Out beyond ideas of wrongdoing and rightdoing,
there is a field.
I'll meet you there.
When the soul lies down in that grass,
the world is too full to talk about.
Ideas, language, even the phrase each other
doesn't make any sense.
- (Sufi Poet Rumi)

Saturday, August 8, 2009

A Hard Decree

A Hard Decree

On the Tavern wall
A hard decree for all of love’s inmates
Which read:
If you heart cannot find a joyful work
The jaws of this world
Will probably
Grab hold of your

This morning I am thinking of joy and work. Do you find joy in what you set for yourself to do? If not, I wonder if you have this litany in your mind’s chatter: I must do this for people are depending on me? I have to do this because it is what my responsibility as parent, friend, colleague, and employee? I should be doing something else because the world’s fate is entirely in my hands!

Hey, I’ve got some of that chatter too. Yet I wonder what is this wondrous life for? Why do we know beauty? Love? One another? If not for joy, than what else?

So how do we get to joy in the daily routine when “things must get done” and “money earned?” How do we let go of the bite of our mind’s blaming and guilt and get to that field beyond wrong doing and right doing? Might we really lie in the sweet grass instead of being burdened down by, and as if a, sweet ass?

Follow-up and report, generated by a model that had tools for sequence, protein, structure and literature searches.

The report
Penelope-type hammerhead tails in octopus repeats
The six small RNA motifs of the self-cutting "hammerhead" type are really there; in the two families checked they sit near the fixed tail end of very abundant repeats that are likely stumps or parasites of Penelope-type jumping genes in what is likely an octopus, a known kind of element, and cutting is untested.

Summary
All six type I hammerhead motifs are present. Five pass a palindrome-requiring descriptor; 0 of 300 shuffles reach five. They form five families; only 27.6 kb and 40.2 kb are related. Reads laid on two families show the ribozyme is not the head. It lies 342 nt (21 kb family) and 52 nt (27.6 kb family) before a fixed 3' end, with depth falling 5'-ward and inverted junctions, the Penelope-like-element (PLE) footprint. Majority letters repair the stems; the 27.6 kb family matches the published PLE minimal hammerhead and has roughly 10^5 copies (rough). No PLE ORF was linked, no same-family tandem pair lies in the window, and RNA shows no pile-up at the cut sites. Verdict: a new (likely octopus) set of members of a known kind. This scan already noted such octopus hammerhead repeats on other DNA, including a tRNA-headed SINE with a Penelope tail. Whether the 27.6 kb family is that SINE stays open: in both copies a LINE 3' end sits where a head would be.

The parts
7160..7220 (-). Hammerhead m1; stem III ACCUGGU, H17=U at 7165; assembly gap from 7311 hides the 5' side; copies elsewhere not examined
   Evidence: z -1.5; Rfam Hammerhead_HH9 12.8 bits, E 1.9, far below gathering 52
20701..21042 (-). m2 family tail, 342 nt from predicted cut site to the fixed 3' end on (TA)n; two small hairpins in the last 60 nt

What if you were to imagine the needs that your work fulfills? Say housework offers order and cleanliness to you and others, parenting nurtures and supports whom you love and gives you the chance to contribute, and your job provides security, protection, and connection. I am not saying that mixed in with these needs met by your work there are not also unmet needs. What I offer is an invitation to hold still for a moment, breathe in and out several times as you rest in the energy of these needs without trying to “fix” yourself, the work, or someone else. Connecting to these needs, we connect to life in full affirmation that we belong on this planet and are worthy. Out of this blessed acceptance of ourselves and others, we give birth to the hope of freedom and of joy. No longer prisoners of “should” and “must” there arises new ways of doing the work, changing our work, and enjoying our work.

May this be so.

No comments:

Post a Comment